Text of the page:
Stop us if you have heard this before, but the global supply chain is a mess right now.
As one might expect, this is having an effect on breweries throughout New Mexico, just like all the other businesses around the world. Over the last few weeks, via email and in-person interviews, we found a handful of brewery representatives who were willing to talk about the many challenges they now face, and how that will impact almost everything going forward through the slowest time of year in terms of sales.
“Please, this winter, encourage everyone to go out and drink beer on draft, fill your growlers, fill your kegs, and help as many breweries as you can,” said La Cumbre owner/master brewer Jeff Erway.
This is the cold new reality that breweries are facing.
The breakdown of the global breakdown
“I don’t know how much you’ve read about what’s happened in global shipping, but that Suez Canal debacle was about the last thing in the world we needed to have happened,” Erway said. “China is not accepting recycled goods from the United States right now. So, how do we get Conex boxes back to China? The Port of Beijing, every time there’s a single COVID case, they shut the whole thing down for 10 days. It’s happened like eight times in the last 18 months. The Port of Houston, the Port of Long Beach, all of them have shut down at least once for quarantines. So what this means is very often there’s 50 to 100 tankers, huge freighters out in the middle of the Gulf of Mexico or just off the L.A. coastline, just waiting for somebody to unload them.”
Conex boxes, for those unfamiliar with the term, are the standard metal shipping containers that you see on top of ships, at ports, on train cars, and flatbed semi-trucks. At one point in recent years, there was such a surplus that many unused Conex boxes were repurposed into creating places like Green Jeans Farmery and Tin Can Alley.
“And then, there’s just the overall shortage of Conex boxes,” Erway said. “But, every single port that I know of, every major port has gotten shut down at least once, if not several times. The Port of Hamburg where our malt is coming from has gotten shut down twice, I know.”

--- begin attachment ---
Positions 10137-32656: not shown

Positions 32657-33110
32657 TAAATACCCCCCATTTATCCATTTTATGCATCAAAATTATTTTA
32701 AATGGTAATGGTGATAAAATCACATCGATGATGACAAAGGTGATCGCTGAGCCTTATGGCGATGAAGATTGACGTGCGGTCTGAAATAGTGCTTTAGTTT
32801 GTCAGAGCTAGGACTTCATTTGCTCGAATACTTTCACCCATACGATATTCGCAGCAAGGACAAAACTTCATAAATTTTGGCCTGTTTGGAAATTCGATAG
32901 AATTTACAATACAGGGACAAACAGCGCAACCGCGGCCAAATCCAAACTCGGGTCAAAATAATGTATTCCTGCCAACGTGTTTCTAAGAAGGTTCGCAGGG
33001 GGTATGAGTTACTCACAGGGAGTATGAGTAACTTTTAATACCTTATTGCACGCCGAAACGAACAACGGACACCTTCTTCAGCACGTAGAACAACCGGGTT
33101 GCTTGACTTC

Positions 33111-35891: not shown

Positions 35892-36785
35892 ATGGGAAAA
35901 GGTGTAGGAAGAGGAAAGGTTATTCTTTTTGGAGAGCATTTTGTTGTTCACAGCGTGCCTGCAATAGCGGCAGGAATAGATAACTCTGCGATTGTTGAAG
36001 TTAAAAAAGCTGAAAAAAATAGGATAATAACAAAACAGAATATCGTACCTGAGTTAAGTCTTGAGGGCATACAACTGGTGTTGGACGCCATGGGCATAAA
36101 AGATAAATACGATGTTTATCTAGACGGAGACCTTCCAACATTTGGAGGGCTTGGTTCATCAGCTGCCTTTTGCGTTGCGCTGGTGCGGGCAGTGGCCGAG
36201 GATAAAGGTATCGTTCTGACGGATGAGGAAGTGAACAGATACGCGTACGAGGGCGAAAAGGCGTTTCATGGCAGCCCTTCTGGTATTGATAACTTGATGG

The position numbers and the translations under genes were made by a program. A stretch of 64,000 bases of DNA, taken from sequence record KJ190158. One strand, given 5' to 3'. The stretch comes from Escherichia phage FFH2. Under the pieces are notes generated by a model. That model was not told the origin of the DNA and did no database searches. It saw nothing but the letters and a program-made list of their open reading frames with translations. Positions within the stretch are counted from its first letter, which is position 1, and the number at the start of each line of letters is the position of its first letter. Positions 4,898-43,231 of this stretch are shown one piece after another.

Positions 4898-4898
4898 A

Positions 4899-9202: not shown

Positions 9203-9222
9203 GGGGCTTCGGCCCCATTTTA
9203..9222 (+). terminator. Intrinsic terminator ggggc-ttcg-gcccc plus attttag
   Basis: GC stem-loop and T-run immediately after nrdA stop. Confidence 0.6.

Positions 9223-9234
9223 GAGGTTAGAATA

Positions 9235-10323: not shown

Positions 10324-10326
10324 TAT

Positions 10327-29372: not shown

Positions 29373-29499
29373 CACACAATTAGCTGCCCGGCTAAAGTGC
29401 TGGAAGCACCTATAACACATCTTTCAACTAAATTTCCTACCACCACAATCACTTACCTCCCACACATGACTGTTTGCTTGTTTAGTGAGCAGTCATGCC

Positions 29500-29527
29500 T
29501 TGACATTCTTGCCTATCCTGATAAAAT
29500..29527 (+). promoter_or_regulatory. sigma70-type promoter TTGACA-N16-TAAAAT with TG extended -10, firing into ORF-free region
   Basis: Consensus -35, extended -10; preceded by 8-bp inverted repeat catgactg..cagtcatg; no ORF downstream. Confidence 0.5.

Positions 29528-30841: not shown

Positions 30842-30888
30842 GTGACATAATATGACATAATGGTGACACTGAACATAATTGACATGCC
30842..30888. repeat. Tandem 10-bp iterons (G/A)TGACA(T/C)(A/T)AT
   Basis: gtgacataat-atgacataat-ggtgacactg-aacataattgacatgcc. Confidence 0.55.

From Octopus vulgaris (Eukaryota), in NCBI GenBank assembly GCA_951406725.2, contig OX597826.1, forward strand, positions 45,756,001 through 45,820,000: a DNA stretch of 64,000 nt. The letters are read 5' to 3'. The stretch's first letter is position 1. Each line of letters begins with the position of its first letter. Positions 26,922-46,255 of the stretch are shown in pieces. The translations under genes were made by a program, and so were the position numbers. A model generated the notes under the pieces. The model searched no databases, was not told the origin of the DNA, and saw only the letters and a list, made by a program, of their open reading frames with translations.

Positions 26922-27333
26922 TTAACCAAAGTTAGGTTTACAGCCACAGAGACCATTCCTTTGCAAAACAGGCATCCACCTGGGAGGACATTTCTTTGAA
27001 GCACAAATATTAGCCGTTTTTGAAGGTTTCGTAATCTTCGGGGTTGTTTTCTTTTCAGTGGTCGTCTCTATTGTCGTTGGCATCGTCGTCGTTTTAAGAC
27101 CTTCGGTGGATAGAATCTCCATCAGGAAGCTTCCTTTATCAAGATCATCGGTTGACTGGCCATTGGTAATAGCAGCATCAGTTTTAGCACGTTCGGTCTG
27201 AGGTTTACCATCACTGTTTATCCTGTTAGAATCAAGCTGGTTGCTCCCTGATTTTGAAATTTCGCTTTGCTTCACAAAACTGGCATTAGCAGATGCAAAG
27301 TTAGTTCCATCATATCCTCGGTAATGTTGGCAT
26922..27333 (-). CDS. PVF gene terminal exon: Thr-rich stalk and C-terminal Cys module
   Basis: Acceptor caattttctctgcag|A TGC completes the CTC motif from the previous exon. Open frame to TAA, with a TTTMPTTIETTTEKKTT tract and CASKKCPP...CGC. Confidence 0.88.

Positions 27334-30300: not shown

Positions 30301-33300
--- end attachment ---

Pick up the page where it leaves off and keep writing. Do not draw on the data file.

As for when this might all end and go back to normal, or what passed for normal in 2019 and earlier, the honest truth is it may never do that.
“I think anyone who can tell you with certainty when things will return to pre-pandemic expectations is lying,” said Steel Bender sales manager Adam Auden. “There’s still a lot of backlog in the system and it’s really impossible to say when it will be cleared. It’s just a case of planning ahead as best you can and keeping some buffer built in to your planning to ride out any unforeseen delays.
“As Shelby (Chant, co-owner and marketing director) has often said, we’ve got really good at pivoting through all this, and agility is key when these surprises show up to test us.”
Roasted barley, wherefore art thou?
The malted grains that make up the base of every beer have been particularly affected, not in terms of being grown, packaged, and prepared, but in terms of getting them to the breweries, big and small.
“For malt, domestic malt has not been an issue except for the shipping issue,” Erway said. “Where we used to be able to call our bulk silo (malt) supplier and have something here within two to three days, now they’re asking for two to three weeks lead time. Well, we fill it every two to three weeks. Especially during the busy months, it’s like every two weeks, so you’re telling me that as soon as it gets in I’ve got to order my next one, and I’d better not be off by more than about 8,000 pounds. Because if I’m off by more than 8,000 pounds we’re either going to overfill the silo or we’re going to run out of malt.”
Even for those ordering just bags of malt, as opposed to filling silos, it has been equally difficult.